Farmer’s Market thrives in community-focused town
By Julia Pergolini
Something unique happens in the Ithaca air, when after a long and unwelcoming winter, the Farmer’s Market opens again for the spring season. The comfort that’s restored in the ritual of making your way through the dust-filled roads is something most Ithacans know well.
There’s a small child, no more than six, playing violin at the center entrance. The scent of baked goods, creamy soups and fresh roasted coffees blend into a sweet and addictive aroma. Clusters of people stroll up and down the pavilion, munching on their favorite treats and greeting familiar faces. The dock is full, and long lines have assembled in front of Sticky Rice and Solaz, peoples’ mouths’ watering as they wait for infamous breakfast burritos.
The Ithaca Farmer’s Market (IFM) is an important staple in the Ithaca community and has come a long way since its start in the Agway parking lot in 1973. It brings unity to the diverse population that exists here and serves as a commonplace to converse with old friends, meet new and enlightening people, and support one another’s crafts or livelihoods.
“It brings everybody out into a ‘market square’ atmosphere, says Diane Janowski, vendor for Janowski Gardens.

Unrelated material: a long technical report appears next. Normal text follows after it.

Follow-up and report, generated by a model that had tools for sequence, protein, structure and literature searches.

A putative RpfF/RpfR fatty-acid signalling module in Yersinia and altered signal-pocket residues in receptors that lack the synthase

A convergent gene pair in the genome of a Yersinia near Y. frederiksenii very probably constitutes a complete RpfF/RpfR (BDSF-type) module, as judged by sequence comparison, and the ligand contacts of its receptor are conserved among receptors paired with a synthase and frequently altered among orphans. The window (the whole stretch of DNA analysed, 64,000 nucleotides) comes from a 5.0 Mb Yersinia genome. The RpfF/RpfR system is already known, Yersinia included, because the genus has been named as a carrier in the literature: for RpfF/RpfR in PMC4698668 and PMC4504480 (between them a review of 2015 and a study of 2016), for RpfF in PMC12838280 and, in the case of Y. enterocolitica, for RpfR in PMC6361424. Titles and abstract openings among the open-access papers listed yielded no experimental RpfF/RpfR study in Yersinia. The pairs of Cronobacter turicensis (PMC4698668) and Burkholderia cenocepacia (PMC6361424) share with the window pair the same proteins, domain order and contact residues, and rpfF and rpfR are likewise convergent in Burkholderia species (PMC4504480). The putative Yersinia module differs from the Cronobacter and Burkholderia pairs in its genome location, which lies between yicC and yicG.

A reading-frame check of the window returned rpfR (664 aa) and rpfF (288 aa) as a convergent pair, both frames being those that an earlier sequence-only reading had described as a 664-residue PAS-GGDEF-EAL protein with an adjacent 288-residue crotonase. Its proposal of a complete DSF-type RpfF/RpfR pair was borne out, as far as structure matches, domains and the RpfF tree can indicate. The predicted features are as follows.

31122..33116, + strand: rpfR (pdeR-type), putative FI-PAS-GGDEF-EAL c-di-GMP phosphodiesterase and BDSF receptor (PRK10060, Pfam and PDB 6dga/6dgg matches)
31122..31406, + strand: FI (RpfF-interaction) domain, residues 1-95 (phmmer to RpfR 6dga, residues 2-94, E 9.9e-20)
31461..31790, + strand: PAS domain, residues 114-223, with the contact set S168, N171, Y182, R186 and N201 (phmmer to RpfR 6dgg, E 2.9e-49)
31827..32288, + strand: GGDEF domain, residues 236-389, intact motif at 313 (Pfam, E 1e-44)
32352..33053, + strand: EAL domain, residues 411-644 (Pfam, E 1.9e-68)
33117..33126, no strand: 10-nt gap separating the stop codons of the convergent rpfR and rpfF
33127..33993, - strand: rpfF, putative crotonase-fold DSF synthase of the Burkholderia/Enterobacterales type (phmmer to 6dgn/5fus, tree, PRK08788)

Socially, the Farmer’s Market is an essential piece in bridging gaps in the community, just looking to enjoy good company, lively spirits, heavenly fresh food, and if lucky, some agreeable weather.
Since its opening, IFM has gained a lot of national attention. Tourists and Farmer’s Market enthusiasts know the market well. Some arrive looking for rare, handmade goods and crafts for sale. All items are made within 30 miles of Ithaca, with as many local resources as possible. Vendors serve foods that represent regions from Cambodia to Cuba, a reflection of Ithaca’s cultural diversity.
Additionally, the market has become zero waste in recent years. All dishware is compostable, with guides at every trash post indicating what items can be recycled or composted. This initiative started because the market was wasting a significant amount of money on trash removal expenses, although it’s no secret that the Ithaca community as a whole is very eco-conscious.
“People have this image of farmer’s markets being [an] ecological scene, and we wanted to live up to that,” Steve Sierigk of Acorn Designs, specializing in eco-friendly stationary, said at the time of the switchover, two years ago.
The market’s zero waste project encourages the public to cut down on unnecessary trash and maintain its eco-friendly ideals. Boulder, Colo., was the first farmer’s market to maintain an ongoing zero waste initiative, and Ithaca is one of very few others to have done the same.
But that’s not the only way IFM is keeping things green. Today the market has over 165 vendors, all of whom have businesses in a 30-mile range of Ithaca. Keeping it limited to local businesses is an important aspect to creating a successful farmers market.